ᴊᴏᴇ ᴍᴄᴋᴇᴏᴡɴ’s review published on Letterboxd:
"40 years I've been chasing Sidney, they finally give it to me, what do the do? They give it to him the same night.
I'll always be chasing you Sidney, I'll always be following in your footsteps. There's nothing I would rather do, Sir."
Denzel Washington, 2002
Probably my favourite Oscar moment ever, Denzel proudly lifting his much deserved Best Actor Oscar up to the gallery where Sidney Poitier stands, holding his own Honorary Oscar right back at him.
And it all started for the great man back in 1950, ironically, the same year Marlon Brando first landed on the screen - the only other male actor of that era I can think of who so clearly changed the path of what it meant to be a film star.
Of course, in Brando's case, it was purely about technique and talent, but for Sidney - he has those two traits in abundance, without doubt - he had to overcome far more real threats to his position as a mainstay in Hollywood. When you talk about breaking down doors in the industry, nobody had a more meaningful impact than Sidney Poitier.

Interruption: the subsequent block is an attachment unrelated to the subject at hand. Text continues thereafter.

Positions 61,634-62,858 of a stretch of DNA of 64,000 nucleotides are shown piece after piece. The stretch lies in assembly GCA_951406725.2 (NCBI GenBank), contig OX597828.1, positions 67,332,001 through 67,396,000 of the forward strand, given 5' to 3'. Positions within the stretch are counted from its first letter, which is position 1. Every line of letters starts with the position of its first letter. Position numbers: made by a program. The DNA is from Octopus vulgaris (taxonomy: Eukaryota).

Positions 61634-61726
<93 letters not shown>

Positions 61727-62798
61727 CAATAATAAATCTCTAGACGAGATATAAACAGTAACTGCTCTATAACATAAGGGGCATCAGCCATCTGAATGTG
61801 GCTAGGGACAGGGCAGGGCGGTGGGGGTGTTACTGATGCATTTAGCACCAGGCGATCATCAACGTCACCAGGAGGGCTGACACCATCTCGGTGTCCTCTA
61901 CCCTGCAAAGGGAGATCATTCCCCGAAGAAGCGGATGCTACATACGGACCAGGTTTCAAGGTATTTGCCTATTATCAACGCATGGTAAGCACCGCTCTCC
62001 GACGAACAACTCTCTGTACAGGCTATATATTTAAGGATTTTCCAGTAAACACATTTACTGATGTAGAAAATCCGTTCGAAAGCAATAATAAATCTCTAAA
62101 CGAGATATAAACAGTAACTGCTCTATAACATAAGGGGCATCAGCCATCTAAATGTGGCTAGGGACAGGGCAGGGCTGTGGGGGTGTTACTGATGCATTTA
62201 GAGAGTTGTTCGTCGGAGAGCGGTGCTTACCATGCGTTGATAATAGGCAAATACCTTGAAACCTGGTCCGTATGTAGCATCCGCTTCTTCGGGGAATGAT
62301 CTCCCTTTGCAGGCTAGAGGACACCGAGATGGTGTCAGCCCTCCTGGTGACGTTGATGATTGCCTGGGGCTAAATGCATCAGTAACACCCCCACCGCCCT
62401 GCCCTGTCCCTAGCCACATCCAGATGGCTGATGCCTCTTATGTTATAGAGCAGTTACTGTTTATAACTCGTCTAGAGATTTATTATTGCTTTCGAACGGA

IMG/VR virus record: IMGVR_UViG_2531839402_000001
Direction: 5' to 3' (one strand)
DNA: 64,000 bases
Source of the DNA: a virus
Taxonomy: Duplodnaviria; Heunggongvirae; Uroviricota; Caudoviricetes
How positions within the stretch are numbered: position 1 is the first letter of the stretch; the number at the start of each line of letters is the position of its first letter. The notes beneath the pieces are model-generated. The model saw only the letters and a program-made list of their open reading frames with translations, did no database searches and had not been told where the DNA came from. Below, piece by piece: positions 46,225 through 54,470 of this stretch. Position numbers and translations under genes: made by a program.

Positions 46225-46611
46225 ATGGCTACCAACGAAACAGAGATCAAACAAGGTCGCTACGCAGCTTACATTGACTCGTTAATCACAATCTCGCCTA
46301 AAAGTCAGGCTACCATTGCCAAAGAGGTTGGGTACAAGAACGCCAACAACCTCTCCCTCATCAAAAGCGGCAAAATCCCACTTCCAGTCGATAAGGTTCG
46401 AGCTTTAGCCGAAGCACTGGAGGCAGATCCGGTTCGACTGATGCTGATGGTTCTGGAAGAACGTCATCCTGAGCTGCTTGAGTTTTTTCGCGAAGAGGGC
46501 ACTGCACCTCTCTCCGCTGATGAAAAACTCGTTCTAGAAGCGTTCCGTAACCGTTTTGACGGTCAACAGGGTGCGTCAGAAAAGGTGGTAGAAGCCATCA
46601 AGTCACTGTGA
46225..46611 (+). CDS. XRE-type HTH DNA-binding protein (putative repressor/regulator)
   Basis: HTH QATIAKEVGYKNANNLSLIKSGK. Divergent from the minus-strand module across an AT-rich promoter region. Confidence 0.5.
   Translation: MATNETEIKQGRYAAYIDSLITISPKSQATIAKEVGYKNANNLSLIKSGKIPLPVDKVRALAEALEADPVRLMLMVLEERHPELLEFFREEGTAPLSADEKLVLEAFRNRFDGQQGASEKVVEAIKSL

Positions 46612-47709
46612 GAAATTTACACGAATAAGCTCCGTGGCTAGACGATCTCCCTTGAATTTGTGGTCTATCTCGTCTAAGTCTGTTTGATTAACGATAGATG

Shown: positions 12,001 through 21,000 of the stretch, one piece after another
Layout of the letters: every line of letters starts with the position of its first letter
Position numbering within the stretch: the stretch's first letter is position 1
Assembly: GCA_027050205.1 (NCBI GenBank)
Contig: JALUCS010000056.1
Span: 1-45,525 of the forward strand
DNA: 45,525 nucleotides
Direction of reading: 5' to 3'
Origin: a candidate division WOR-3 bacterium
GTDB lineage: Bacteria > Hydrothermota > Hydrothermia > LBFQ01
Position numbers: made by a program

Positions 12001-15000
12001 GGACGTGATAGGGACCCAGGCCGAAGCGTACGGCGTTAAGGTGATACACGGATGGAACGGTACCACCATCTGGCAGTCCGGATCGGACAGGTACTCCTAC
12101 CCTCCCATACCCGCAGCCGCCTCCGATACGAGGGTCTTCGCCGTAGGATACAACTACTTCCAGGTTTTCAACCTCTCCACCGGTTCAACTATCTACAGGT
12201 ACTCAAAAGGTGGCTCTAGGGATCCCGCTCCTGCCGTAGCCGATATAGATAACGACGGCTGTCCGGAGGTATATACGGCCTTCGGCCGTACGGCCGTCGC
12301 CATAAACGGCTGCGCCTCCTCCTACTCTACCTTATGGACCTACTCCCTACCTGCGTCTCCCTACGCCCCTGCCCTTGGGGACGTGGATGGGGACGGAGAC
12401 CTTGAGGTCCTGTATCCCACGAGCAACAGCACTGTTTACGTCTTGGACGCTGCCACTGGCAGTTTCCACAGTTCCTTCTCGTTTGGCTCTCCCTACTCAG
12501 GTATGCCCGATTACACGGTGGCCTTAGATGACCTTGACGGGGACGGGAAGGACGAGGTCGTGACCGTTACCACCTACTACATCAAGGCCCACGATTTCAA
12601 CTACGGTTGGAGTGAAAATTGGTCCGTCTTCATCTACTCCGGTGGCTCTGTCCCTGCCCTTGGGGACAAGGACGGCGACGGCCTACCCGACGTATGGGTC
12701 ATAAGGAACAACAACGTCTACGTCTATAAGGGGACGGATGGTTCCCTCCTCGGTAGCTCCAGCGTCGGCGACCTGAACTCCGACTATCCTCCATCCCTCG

And No Way Out is a perfect example of what he brought as an actor. He carries the weight of who he is, what he represents up on the screen, and he's utterly fearless.
For a film made in 1950, No Way Out is extremely bold. To approach the subject of racism, whether systemic or individual, in such a candid way and have a black man play the sympathetic hero was, unfortunately, way ahead of it's time - we're still only 35 years on from Birth of a Nation here, but Sidney Poitier was born to make this giant leap for everybody, and he never flinches within the task. Even when the film itself sometimes loses its focus and veers into heavy-handedness, Poitier stands above it all with sheer class.
Denzel's not alone. We're all following in Sidney Poitier's footsteps.
Rest in Peace, Sir.